Tag Archives: herman cain

What I would like to see from the GOP (and the Democrats, too)

From the New Yorker

I am a Democrat (not a DINO, I have been working for Democratic campaigns since I was eight) but I  honestly like the idea of having two rational parties.  It behooves us all because we have real issues to tackle; the fiscal cliff, an increasingly unstable world, the Mets.

We need our leaders from both parties to start acting like adults and start working with each other.  We all need to stop demogoguing people who have different views from us.

In that spirit, I have some suggestions for the Republican Party:

1.  Stop proclaiming that compromise is horrible; it’s what made our country possible.  And special note to people like Congressman Ron Paul, we cannot fix problems of the past but we can try to deal with what’s going on now (he said recently that we have “already gone over the cliff” and warned against compromise).  Note to Speaker John Boehner: Thank you for showing some willingness to work with the White House.  I think you are reasonable but you cannot expect to please every member of your caucus if you want to get enough Democrats on board.)

2.  Vet your candidates better!  Seriously, listen to Stephen Colbert — anytime any of them want to talk about rape (unless it’s about stopping it) they should follow the advice and stab themselves in the eye with a pencil.   I say this not just because I know women can get pregnant from rape or that I don’t think a baby conceived this way is a “gift from God.”  It’s because these comments shift the focus from things that matter to things that don’t.

3.  Vet your surrogates better!  The ridiculous caricature that is Donald Trump has no place in the public discourse.  And concocting conspiracy theories to demonize the president makes reasonable people think you are anything but and then even if you have cogent points on other issues; we don’t notice because we’re too astounded by your claims that President Obama is a Kenyan born, Marxist, wanna-be-Hitler whose presidency has ushered in the end of days from the bible.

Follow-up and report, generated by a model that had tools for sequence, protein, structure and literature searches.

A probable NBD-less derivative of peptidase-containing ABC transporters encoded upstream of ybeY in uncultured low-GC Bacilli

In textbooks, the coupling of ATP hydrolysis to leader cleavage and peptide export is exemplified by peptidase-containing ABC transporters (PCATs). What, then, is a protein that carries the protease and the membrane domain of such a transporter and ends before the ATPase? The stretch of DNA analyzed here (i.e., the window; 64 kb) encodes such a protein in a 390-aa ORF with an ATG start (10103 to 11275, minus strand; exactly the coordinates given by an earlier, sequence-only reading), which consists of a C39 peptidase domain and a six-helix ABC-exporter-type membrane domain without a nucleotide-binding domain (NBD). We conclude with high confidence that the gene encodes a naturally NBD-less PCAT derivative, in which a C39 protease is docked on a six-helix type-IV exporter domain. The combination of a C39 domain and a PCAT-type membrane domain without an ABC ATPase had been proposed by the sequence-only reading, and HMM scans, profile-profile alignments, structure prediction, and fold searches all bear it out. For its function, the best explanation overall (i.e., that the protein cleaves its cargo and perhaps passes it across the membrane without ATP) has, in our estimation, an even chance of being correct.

4. Remember that our Constitution was written to protect our rights from the government, not restrict them.  When you continue to oppose same sex marriage and try to demonize the LGBT community you show just how on the wrong side of history you are on.  A friend of mine calls this the civil rights issue of our time.  It is.  I cannot wait until everyone has the same rights and we can stop talking about this and get back to dealing with real issues.

5.  Try to remember, this is 2012, not 1955.

The part of me that writes satire and comedy loved the circus that was Herman Cain, Rick Santorum, Michele Bachmann et al (if Jon Huntsman had been nominated, and he was more conservative that the rest of them, you would have had a better chance) but the part of me that cares about the country was deeply saddened by the missed opportunity to get people thinking about real solutions to our problems.

I don’t think the Democrats are blameless.  I hate negative political ads and our side ran a ton.  They make everyone jaded about a process that should excite and inspire people.  Politics is also supposed to be “the art of the possible.”

Lest you think I only think Republicans field bad candidates remember, I refer you to– John Edwards, Elliot Spitzer, Anthony Weiner.  Neither side is perfect but that doesn’t mean they are evil either.

I’m melting, melting! Oh, what a world! What a world!

Where to start this week?